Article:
This weekend, the Austin Film Society is bringing She's Lost Control back to town. Caitlin caught the film on opening night at SXSW 2014. She reported: "An intense and dark slice of life, the film focuses on a woman who works as a sex surrogate while she finishes a Master's degree in psychology in New York City. Often hard-hitting and true but sometimes a little frustrating, I can't fully call this a "must-see" but I know this movie will definitely stick with me..." It plays tonight and again on Sunday afternoon at the Marchesa.
On Sunday evening, AFS will be presenting the work of two master animators. Don Hertzfeldt's award-winning short World Of Tomorrow is being paired with Cheatin', the most recent feature film from Bill Plympton. Richard Linklater's schedule last week didn't allow him to be in attendance for the Sid & Nancy screening, so another screening has been added for Monday night where he'll be there to introduce the film and lead a conversation about it afterwards. Then "Jewels In The Wasteland" gets back on track for its regular Wednesday night edition, with Linklater at the Marchesa presenting Sergio Leone's epic 1984 feature, Once Upon A Time In America. He'll be screening the extended 227-minute cut of the film in 35mm.
Frank gave us a lot of great information about this weekend's Second Annual Noir City festival by interviewing Film Noir Foundation president Eddie Muller about the event. Ten films, many presented in 35mm, will be screening at the Alamo Drafthouse Ritz starting tonight. This year, all of the movies selected are the adapted works of screenwriter and novelist Cornell Woolrich. It all kicks off tonight with a restored 35mm print of 1950's Woman On The Run from the UCLA Film and Television Archive. Other films presented this weekend include Phantom Lady (1944), The Guilty (1948) and No Man Of Her Own (1950).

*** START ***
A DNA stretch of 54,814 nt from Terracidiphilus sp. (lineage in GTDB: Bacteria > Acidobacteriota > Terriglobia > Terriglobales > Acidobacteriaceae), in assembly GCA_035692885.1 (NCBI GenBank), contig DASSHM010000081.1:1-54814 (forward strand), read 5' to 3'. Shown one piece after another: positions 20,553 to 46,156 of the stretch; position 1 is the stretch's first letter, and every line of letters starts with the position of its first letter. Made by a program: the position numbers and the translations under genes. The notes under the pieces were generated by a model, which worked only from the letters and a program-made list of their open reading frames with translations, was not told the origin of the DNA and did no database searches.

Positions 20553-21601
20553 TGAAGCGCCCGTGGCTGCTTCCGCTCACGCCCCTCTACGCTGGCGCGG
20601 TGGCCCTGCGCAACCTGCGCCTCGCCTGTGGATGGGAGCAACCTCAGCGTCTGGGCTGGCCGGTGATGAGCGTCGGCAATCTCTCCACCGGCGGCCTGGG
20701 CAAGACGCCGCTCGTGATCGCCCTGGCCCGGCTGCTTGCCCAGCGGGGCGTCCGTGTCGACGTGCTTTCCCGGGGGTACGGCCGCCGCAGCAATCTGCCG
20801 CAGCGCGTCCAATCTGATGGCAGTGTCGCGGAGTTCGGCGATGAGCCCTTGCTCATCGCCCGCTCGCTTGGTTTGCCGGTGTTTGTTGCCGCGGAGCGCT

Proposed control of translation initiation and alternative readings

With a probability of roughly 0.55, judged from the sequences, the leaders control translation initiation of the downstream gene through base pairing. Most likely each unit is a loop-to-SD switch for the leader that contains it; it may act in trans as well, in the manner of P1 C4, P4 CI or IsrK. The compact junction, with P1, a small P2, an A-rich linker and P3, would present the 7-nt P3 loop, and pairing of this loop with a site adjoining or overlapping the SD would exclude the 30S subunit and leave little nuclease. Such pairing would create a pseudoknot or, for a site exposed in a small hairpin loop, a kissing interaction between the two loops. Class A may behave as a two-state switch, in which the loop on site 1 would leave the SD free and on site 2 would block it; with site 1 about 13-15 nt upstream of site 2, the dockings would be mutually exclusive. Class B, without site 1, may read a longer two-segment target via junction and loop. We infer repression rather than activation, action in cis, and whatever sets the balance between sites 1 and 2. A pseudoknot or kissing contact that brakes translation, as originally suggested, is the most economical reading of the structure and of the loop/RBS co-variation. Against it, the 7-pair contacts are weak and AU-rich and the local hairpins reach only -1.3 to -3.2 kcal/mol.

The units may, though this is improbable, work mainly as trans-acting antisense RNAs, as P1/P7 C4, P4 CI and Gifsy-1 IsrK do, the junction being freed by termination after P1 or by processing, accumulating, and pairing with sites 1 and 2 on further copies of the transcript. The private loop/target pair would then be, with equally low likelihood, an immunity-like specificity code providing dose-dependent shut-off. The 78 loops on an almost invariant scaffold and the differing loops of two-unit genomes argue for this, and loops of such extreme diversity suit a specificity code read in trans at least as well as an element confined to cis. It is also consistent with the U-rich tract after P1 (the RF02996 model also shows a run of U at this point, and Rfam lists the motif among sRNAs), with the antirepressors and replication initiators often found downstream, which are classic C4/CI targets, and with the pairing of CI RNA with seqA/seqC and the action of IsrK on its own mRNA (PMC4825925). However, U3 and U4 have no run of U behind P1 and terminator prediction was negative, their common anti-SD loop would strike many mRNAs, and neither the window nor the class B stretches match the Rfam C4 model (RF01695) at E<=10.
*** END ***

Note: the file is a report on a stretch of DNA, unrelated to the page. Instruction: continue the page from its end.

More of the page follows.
Sofia Vergara has made a name for herself playing ditzy and adorable characters who also happen to be both strong and passionate. Yet for me, it's always been the same character. Audiences love Vergara's animated, over-the-top approach to comedy as evidenced by her acclaimed work on TV and in the performances she's given for directors such as Garry Marshall and Robert Rodriguez. This week, the actress gets top billing alongside Reese Witherspoon in the buddy comedy Hot Pursuit (2015). Vergara and Witherspoon hope for buddy-comedy gold playing a federal witness and the officer protecting her until trial, respectively.
The film is a continuation of that brand of comedy which Vergara has so skillfully honed, yet seldom managed to escape. Her work in Chef (2014) was promising, even if the role itself was limited. However, her performance in the movie Fading Gigolo (2013) suggests the actress has more to offer than just the same lovable dizzying persona we've seen before.
Fading Gigolo is the story of a florist named Fioravante (John Turturro, who also wrote and directed), who close friend Murray (Woody Allen) recommends as a third party for a menage-a-trois between dermatologist Dr. Parker (Sharon Stone) and her best friend Selima (Vergara). After realizing he can make a living at the world's oldest profession, Fioravante's perspective begins to change when he connects with a solemn Jewish widow (Vanessa Paradis).